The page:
The diet of goats, red deer and South American camelids feeding on three contrasting Scottish upland vegetation communities.

Published online
23 Jul 1997
Content type
Journal article
Journal title
Journal of Applied Ecology

Fraser, M. D. & Gordon, I. J.

Publication language
UK & Scotland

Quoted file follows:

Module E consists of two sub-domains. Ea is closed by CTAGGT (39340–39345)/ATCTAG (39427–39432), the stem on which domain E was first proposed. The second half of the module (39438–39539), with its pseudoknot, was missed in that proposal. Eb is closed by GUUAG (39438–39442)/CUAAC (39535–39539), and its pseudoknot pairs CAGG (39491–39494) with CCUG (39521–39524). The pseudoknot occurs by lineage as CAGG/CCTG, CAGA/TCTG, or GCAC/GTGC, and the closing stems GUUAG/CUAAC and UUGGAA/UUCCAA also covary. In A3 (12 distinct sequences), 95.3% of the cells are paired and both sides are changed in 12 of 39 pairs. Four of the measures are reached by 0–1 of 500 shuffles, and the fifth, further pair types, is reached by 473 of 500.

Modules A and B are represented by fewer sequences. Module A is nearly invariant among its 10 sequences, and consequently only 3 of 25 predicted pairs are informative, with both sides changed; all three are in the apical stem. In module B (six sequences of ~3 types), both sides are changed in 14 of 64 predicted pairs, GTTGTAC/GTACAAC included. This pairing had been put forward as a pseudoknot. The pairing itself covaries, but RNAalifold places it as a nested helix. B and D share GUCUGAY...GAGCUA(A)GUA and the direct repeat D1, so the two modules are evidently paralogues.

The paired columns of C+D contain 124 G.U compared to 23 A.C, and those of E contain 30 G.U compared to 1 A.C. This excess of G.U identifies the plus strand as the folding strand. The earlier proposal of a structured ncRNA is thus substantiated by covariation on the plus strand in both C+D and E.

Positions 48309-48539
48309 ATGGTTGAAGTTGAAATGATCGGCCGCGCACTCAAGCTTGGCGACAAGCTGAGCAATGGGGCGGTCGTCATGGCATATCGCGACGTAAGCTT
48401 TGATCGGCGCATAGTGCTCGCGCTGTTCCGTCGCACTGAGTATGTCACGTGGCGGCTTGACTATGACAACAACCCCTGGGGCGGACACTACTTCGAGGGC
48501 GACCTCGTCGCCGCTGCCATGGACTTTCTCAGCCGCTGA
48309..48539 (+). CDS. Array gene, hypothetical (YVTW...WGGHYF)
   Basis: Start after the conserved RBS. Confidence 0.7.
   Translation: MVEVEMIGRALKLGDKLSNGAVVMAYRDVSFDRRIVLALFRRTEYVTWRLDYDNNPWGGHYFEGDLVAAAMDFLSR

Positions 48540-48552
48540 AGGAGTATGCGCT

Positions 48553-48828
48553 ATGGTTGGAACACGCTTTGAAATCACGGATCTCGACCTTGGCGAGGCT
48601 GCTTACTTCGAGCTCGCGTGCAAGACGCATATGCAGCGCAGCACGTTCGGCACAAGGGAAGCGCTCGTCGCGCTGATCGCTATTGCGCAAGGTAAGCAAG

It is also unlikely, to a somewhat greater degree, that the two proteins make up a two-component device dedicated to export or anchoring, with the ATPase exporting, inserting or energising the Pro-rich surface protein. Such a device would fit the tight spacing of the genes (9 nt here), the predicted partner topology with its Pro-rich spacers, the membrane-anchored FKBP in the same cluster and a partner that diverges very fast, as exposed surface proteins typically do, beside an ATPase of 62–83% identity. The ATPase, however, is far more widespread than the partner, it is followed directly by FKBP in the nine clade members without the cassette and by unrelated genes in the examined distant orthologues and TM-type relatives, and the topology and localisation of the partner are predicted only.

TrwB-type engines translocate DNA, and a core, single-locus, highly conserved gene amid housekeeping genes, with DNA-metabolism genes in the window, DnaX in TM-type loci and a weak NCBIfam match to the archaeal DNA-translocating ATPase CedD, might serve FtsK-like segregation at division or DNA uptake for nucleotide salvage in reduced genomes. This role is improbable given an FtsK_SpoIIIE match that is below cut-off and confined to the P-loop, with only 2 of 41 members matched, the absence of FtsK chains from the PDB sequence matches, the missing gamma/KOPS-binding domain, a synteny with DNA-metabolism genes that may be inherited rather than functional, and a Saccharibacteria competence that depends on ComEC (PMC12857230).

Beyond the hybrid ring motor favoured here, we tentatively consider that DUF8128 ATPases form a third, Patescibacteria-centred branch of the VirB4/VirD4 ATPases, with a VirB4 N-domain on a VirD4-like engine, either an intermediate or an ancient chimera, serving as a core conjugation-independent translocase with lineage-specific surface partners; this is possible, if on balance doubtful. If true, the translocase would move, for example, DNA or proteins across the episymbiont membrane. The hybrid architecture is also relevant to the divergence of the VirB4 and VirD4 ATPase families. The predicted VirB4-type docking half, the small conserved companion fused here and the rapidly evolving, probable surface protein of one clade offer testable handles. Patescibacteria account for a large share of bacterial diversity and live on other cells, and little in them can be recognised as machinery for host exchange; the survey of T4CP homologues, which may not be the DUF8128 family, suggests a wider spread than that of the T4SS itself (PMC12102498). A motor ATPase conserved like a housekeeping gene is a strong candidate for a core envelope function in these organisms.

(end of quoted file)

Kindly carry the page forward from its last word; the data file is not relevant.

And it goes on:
With changes in the agricultural policy for rural areas in the UK there is increased interest in the development of management protocols for indigenous and sown swards in upland Scotland based on grazing by ruminant species other than sheep and cattle, e.g. goats, red deer and South American camelids. The diet composition over two seasons of goats, red deer (Cervus elaphus) and South American camelids (guanacos, Lama guanicoe) grazing three vegetation types typical of upland ecosystems in the UK: a sown sward (Lolium perenne-dominated), an indigenous grassland (Nardus stricta-dominated) and a dwarf shrub community (Calluna vulgaris-dominated), is described. On each vegetation type, all three animal species were selective feeders. The composition of the goats' diet was more variable than that of the red deer and guanacos. All three species were more selective when grazing the indigenous communities than when grazing the sown sward. On the Lolium sward, the guanacos avoided clover and other dicotyledonous plants, whilst the goats and red deer consumed green leaf from all plant categories found at or near the sward surface. On the Nardus community, all three species avoided the dominant tussock-grass and selected green lamina of broad-leaved grasses from the species-rich inter-tussock areas. Between-species differences in minor components included an increased contribution of non-grass monocotyledonous plants to the goats' diet in spring, and a higher proportion of grass flowerstem and grass seed flowerhead in the guanacos' diet in summer. The diets of the three species of animal on the Calluna community were broadly similar. All generally avoided C. vulgaris and strongly selected graminoid species. Consumption of grass was greater in spring than summer. Species differences in diet composition, particularly on indigenous swards dominated by N. stricta and C. vulgaris, might facilitate vegetation management and improve animal output using multispecies grazing systems.

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